“Let me help you,” a young man wearing a cowboy hat, with brown hair that hung to his shoulders and a beard and handlebar mustache said as he took her by the elbow and led her to the open door of the train. He had a guitar hanging from his shoulder and backpack strapped to his back. He guided her to two seats that faced each other and helped her sit down in one and then he sat in the one facing her. “I’m Jimmy Rowe,” he said. “Do you speak English?”

She stared down at his cowboy boots and then up at his friendly, smiling face. “Some,” she said.

He put her suitcase and his backpack in the overhead compartment, and settled back into his seat with his guitar resting across his knees. “I’m from the U S,” he said.

She nodded. “Yes, I thought so” she said knowingly. “I am Tomiko Higashi.”

“It’s a pleasure to meet you,” he said.

“You must excuse me Jimmy Rowe, I do not want to seem unfriendly or unkind, but I am of an older generation and it is not our custom for women traveling alone to speak with strange men, especially foreigners.”

He hesitated for a moment before saying, “I understand.”  As the train doors closed and it began to leave the station, he raised his guitar and held it against his chest, his fingers resting on the strings. 

She opened the lid to the basket sitting in her lap and peered in. “How is my Heisuke feeling?” she said to the sleeping tabby cat curled up in a ball on a pillow. The cat’s tail fluttered. It opened its eyes, squinting, and meowed softly. “Poor old Heisuke,” she cooed as she reached in and petted its bright orange fur. The cat closed its eyes, and purring quietly, returned to sleep. She closed the lid and turned to watch the scenery as the train accelerated, quickly leaving the station behind. 


Jimmy Rowe lightly strummed his guitar with his eyes closed while humming softly to himself. 

“Excuse my contradiction in behavior,” Tomiko said, reaching over and tapping his knee with her gloved hand, “but may I ask what music it is that you are playing that is so enjoyable to listen to?” 

He opened his eyes. “It’s called country music,” he said. “I’m going to a music festival in Fukuoka to play there.”

“You are famous singer, then?” she said.

He chuckled. “Not at all. I just wanted to see Japan.”


“My great grandfather was a soldier and came here in WWII,” he said. “He spoke of it often before he died.”

She looked out the window, not at him. She tried to see the landscape, the city structures, the shiny train station as he might see them, but she couldn’t through the tears that welled in her eyes.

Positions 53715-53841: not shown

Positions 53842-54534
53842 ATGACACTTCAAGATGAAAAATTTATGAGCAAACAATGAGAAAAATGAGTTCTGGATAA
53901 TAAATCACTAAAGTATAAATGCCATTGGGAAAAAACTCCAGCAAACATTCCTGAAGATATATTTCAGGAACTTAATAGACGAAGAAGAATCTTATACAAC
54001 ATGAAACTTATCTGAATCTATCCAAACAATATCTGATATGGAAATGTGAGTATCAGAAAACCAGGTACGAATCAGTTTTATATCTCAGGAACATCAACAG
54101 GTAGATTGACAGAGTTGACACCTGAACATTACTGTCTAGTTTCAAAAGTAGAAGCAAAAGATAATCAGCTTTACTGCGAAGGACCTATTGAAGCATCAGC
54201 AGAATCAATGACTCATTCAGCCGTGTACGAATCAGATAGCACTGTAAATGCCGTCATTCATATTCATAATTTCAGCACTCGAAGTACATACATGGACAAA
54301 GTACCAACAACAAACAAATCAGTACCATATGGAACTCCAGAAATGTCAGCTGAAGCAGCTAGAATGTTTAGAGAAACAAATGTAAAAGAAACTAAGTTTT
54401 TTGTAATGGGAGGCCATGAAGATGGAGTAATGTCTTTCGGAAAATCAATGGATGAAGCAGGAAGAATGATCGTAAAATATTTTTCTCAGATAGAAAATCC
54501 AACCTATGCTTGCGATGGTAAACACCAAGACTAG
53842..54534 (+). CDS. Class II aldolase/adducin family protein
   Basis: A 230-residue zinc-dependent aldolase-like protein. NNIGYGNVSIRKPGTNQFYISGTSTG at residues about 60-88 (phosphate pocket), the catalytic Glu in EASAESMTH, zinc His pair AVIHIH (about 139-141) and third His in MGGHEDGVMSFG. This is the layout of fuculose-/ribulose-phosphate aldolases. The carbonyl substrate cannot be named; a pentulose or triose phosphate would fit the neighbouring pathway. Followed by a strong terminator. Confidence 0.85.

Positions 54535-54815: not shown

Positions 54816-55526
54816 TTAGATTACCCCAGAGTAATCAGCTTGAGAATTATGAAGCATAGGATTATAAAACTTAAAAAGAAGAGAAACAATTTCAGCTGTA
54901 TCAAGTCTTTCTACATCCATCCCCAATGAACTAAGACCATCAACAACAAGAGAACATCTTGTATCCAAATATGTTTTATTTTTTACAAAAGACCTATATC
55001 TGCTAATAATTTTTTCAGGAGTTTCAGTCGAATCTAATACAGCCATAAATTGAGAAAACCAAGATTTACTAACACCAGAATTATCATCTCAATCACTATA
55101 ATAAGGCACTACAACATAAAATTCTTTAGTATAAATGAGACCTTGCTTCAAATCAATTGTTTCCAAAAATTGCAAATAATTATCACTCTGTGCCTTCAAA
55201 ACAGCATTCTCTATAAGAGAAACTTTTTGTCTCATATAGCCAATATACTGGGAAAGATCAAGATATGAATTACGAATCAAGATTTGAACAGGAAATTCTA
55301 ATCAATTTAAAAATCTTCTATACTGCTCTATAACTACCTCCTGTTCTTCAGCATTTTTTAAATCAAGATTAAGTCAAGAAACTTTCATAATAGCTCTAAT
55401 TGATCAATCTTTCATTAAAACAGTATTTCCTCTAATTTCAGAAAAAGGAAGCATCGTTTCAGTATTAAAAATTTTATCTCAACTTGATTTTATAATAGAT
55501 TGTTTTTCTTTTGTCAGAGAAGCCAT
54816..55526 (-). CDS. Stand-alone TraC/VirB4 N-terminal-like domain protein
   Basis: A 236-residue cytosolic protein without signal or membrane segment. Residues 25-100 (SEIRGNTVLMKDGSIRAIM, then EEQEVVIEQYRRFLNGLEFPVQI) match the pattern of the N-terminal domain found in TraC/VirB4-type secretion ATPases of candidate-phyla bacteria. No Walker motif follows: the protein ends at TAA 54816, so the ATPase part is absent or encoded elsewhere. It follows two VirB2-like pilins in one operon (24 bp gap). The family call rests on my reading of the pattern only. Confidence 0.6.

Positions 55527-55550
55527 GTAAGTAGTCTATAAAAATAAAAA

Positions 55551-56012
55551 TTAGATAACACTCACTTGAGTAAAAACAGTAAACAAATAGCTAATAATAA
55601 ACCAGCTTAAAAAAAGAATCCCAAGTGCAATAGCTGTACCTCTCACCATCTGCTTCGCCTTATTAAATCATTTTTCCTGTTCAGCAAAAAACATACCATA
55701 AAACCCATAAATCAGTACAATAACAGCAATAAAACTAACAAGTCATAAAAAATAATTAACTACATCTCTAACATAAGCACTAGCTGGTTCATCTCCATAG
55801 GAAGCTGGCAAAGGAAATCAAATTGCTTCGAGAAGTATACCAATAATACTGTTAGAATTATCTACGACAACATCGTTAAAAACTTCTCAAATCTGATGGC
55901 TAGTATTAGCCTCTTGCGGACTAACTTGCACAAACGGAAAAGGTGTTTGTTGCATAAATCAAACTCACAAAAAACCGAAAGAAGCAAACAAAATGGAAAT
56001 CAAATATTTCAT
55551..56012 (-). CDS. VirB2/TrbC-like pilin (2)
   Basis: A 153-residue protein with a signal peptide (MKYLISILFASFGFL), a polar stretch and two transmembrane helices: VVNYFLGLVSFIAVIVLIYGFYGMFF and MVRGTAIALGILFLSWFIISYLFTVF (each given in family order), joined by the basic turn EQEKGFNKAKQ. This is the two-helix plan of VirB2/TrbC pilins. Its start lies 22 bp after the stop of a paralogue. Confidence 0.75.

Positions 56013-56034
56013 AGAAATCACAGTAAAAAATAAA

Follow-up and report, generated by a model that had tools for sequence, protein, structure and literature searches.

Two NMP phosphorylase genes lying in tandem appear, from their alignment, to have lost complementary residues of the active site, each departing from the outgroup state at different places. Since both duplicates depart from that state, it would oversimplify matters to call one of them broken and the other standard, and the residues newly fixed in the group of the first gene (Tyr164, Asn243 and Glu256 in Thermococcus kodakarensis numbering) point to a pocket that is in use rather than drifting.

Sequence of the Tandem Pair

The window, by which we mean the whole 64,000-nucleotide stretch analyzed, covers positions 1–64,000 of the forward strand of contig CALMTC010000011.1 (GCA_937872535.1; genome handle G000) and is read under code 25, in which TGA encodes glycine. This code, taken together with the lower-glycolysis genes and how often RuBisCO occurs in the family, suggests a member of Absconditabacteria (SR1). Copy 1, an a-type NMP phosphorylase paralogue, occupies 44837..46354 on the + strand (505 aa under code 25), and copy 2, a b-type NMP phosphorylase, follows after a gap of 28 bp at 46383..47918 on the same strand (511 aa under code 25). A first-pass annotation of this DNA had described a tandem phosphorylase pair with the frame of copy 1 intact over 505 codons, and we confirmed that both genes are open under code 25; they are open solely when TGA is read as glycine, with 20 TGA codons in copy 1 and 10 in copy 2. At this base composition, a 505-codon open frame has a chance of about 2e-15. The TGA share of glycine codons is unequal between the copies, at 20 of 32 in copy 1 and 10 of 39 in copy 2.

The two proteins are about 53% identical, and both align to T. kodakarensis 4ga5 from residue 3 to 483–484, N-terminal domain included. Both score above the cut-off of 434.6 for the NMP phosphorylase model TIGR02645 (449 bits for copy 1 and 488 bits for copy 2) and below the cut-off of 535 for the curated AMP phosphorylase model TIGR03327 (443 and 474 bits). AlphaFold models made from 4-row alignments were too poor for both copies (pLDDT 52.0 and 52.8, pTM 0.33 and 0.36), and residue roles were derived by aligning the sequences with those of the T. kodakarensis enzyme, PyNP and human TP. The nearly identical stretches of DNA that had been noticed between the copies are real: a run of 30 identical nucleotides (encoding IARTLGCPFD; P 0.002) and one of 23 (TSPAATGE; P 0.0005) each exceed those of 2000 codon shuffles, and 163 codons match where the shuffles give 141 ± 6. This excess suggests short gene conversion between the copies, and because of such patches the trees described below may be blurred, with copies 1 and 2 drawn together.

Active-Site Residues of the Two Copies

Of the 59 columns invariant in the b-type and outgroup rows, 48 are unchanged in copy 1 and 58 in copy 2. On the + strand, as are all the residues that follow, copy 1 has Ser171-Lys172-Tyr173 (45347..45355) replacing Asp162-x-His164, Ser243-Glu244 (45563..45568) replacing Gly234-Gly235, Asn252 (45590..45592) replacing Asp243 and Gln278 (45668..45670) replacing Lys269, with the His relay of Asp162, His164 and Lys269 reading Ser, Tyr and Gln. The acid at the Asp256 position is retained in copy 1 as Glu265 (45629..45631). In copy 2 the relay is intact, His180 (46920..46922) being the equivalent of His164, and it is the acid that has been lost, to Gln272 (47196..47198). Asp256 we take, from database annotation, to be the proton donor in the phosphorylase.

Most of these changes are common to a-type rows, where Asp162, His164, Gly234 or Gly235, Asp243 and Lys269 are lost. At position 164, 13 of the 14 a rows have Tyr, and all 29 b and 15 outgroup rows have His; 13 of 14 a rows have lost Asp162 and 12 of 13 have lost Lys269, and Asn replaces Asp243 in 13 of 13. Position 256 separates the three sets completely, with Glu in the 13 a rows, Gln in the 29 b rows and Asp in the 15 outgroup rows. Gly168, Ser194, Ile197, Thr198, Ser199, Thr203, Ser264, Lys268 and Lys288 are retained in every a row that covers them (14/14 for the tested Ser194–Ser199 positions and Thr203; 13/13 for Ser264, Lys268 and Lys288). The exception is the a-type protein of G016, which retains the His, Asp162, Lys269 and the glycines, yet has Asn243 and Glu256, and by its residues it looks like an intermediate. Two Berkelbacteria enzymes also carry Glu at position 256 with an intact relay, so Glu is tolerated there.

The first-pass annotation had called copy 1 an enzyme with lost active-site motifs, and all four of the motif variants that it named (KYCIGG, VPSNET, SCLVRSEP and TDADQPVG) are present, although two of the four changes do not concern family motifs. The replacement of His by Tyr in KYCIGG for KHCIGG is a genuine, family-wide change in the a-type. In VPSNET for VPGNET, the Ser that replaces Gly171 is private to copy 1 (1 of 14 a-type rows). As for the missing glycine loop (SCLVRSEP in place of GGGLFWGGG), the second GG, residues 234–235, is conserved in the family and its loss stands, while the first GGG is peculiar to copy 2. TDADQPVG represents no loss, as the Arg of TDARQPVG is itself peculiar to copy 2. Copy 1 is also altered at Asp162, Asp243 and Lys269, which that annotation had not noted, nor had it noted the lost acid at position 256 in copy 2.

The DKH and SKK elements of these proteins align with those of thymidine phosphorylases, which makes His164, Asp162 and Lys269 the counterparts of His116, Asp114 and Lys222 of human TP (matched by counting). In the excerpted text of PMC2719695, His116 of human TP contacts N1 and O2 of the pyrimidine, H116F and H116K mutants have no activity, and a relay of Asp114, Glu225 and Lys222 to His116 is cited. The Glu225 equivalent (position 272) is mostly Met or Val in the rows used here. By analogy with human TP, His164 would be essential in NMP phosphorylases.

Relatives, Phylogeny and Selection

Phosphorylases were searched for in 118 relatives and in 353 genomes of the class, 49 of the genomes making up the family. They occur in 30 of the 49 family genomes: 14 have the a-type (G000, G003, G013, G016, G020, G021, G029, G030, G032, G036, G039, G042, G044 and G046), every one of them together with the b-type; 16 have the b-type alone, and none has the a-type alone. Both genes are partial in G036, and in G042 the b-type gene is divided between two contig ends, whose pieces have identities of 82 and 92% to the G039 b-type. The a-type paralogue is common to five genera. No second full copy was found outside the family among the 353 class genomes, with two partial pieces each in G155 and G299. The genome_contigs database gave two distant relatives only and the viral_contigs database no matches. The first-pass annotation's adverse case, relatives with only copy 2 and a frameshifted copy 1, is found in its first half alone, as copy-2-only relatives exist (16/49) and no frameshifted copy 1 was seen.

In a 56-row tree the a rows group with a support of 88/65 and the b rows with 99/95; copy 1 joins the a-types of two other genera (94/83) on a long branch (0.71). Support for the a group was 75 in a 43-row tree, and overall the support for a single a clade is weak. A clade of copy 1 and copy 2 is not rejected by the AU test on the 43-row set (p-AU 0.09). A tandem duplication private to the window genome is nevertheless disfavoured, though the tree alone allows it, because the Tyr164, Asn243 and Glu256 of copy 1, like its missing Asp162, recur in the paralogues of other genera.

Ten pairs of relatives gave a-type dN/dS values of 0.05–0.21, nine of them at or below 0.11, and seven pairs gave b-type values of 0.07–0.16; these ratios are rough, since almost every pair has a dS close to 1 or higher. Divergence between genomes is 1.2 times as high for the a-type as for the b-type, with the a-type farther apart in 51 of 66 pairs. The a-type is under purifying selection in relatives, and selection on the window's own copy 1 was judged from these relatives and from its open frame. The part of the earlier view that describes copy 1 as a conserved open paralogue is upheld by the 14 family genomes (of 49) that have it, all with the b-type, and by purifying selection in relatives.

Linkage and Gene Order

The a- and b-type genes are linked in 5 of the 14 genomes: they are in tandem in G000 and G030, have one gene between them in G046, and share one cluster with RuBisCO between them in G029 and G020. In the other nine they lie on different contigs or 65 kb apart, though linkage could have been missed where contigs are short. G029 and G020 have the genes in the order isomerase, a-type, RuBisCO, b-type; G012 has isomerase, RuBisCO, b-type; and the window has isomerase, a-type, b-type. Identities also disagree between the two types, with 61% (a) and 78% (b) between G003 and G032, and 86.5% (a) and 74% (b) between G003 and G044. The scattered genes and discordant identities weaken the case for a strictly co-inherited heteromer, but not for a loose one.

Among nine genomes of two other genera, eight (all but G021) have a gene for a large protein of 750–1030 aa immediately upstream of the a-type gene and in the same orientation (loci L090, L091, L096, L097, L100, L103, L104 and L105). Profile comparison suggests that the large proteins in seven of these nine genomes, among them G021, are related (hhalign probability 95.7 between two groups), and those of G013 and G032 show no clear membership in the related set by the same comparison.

“Fukuoka, Hakata Station, coming up,” a woman’s voice announced over the intercom. 

“I change trains here,” she said, her voice choking. She stood up the same time as he did. He retrieved his backpack from the overhead compartment and hung it on his back and handed her the suitcase. “I wish we could have gotten to know one another better,” he said to her as he slung his guitar over his shoulder by its strap.

He started to take her elbow to help her down the aisle. She quickly pulled away. “Please, no, Jimmy Rowe,” she said icily.

“Goodbye. I’m sorry if I offended you,” he said as the train came to a stop. He walked on, not receiving a response. 


While waiting on the passenger platform for the train that would take her to her destination, Tomiko bought a Styrofoam cup filled with noodles and some raw fish from a vendor whose stand was set up near the entry way into the station. She sat down on a bench and ate hurriedly since her train would arrive soon. She opened the basket lid and tried to encourage Heisuke to stand up and to eat the fish, but he would do neither. “Poor old Heisuke,” she said soothingly to the cat as she massaged the top of its head. She stuffed the last noodles into her mouth with wooden chopsticks just as the train to Nagasaki arrived. She wrapped the fish in a napkin and placed it in the basket with Heisuke and tossed the cup and chopsticks into the trash bin. Carrying the basket and her suitcase she crowded into the train with the other passengers and too her surprise and delight found two empty seats by a window at the end of the car. She placed her suitcase at her feet and cradled the basket in her lap. 

Within minutes a middle aged Japanese man in a business suit and carrying a briefcase approached her and pointed at the empty seat beside her. “May I?” he said.